A report by the Women’s Legal Education and Action Fund says platforms need to be accountable for the proliferation of online violence against women and girls.
How is it that a teenager can have her YouTube video quickly taken down because it contains a few bars from a Beyoncé song, but when intimate pictures of her are disseminated hither and yon without her consent, nobody does anything about it? Why do pictures of onions get swiftly removed for being “overtly sexual” while targeted, credible and sustained rape threats are not deemed to violate a platform’s terms of service?
A new report out by the Women’s Legal Education and Action Fund (LEAF) on deplatforming misogyny investigates these sorts of gaps in our legal framework and proposes 14 recommendations to make the internet safer for women and girls in Canada.
The report, funded in part by a grant from the Canadian Bar Association’s Law for the Future Fund, discusses the role of digital platforms in the proliferation of technology-facilitated gender-based violence, abuse and harassment (TFGBV). It calls on the federal government to hold digital platforms accountable through regulation or legal liability.
“We need to recognize that TFGBV is a problem and platforms play enough of a role that justifies imposing some level of accountability or liability on them,” says Cynthia Khoo, a technology and human rights lawyer who authored the report. “But that liability has to be done carefully so that we advance equality and we don’t accidentally end up having the law backfire on us.”
For instance, she says, a law that targets online harms in general – say, misinformation, bullying or cyberterrorism – could overdo it and get struck down on constitutional grounds for infringing on freedom of expression.
If there is a challenge against a law regulating cybermisogyny, courts will have to assess whether limits to free expression are justified under the Charter, and meet the proportionality test.
“If you’re trying to achieve 10 different things at the same time with one regime, then how do you know if it’s proportionate or not because the proportionality analysis is going to be so different for terrorism compared to the non-consensual distribution of intimate images,” says Khoo.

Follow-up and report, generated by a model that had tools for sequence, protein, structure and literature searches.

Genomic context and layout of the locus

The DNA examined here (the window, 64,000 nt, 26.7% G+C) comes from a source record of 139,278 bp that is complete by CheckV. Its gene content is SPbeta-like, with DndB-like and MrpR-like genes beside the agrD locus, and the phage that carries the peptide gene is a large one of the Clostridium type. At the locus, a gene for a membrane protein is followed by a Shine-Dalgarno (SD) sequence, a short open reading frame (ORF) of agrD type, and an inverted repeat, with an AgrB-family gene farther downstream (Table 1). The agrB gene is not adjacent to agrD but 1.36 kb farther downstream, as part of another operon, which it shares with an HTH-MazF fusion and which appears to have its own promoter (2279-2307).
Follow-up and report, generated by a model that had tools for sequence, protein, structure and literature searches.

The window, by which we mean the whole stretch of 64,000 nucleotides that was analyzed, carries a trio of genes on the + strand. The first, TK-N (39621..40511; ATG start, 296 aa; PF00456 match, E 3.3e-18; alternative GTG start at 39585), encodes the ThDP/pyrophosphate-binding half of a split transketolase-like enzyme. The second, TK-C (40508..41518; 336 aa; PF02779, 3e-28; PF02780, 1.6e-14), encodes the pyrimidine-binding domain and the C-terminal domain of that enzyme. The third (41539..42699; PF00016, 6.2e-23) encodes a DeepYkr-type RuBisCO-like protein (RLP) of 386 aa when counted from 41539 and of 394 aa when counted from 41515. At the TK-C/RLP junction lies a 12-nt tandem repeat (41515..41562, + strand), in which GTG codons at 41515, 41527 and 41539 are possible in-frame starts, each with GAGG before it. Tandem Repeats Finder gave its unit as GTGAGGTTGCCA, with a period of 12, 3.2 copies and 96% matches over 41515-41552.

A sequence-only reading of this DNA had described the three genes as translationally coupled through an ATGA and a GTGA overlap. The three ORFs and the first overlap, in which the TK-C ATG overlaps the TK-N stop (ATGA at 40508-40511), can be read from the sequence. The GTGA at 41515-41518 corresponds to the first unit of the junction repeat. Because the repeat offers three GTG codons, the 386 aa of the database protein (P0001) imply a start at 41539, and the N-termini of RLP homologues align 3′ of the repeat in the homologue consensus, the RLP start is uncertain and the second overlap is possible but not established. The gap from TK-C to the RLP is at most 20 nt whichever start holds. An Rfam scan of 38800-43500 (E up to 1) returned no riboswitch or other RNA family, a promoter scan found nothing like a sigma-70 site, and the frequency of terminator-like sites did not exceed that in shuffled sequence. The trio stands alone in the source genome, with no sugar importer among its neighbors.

The LEAF report urges the federal government to create a regime specific to gender-based violence, or at least to limit it to online violence and abuse that is rooted in systemic oppression.
“We need to push back on whose expression we’re talking about.” says Pam Hrick, LEAF's executive director and general counsel , who was also the recipient of the CBA’s 2021 Douglas Miller Rising Star Award. Cyberviolence discourages women from participating more actively in public life online, she says. Though encouraged by governments tackling the issue of online harms, Hrick insists they need to “ground their responses and their actions in the knowledge of human rights experts, in the experience of those who have been hurt by technology-facilitated violence and those on the front lines who are dealing with this on a day-to-day basis.”
Another pitfall to avoid is creating a system that incentivizes platforms to err on the side of removing too much. There is a risk the government will enact a regime where harmful content is taken down, along with “a lot of legitimate, legal and beneficial expression,” says Khoo, “specifically those from historically marginalized groups.” She points to queer fan fiction or positive sex-education material aimed at trans youth as examples of content that can easily get targeted and taken down when platforms are regulated too tightly.
What we need are clear definitions of what constitutes unacceptable gender-based violence. Only then will content moderators have the right tools to make the appropriate decisions instead of relying on algorithms that can’t tell the difference between an intimate picture and a bag of onions.
The point of deplatforming cybermisogyny, it’s worth noting, isn’t to crack down on individuals who may post a sexist meme on their Facebook wall. It’s to prevent the proliferation of gender-based violence that otherwise gets normalized online. “It becomes a form of bonding with your friends,” Khoo explains. “And the other people who are harmed are almost just collateral damage in that social bonding and social competition.”
The other problem with normalizing cybermisogyny is that it can escalate quickly as people try to outdo one another. “That’s when we see it shift offline and that’s when we get things like Incel mass shootings,” says Khoo.
It’s important for people to understand that technology-assisted violence “causes harm disproportionately to women and even more particularly to those who have intersectional identities,” says Pam Hrick. “It’s not ‘just speech’ or ‘just online.’ It creates serious psychological harm, it impacts the ability of the people who are targeted to participate fully in the world at this point because there is no real division between what is ‘online’ and what is ‘offline’ anymore.”
Khoo and Hrick say they hope the report is to move the conversation away from the false debate opposing free expression versus objecting to harmful messages online. “What we’re trying to emphasize in this report is no, we’re not holding platforms liable for user speech. We’re holding platforms accountable for their specific role in facilitating what happens with user speech, and for creating these specific environments” where violence and abuse proliferate, Khoo explains. “It’s not holding platforms liable for a user’s speech and actions, it’s holding platforms liable for their own actions.”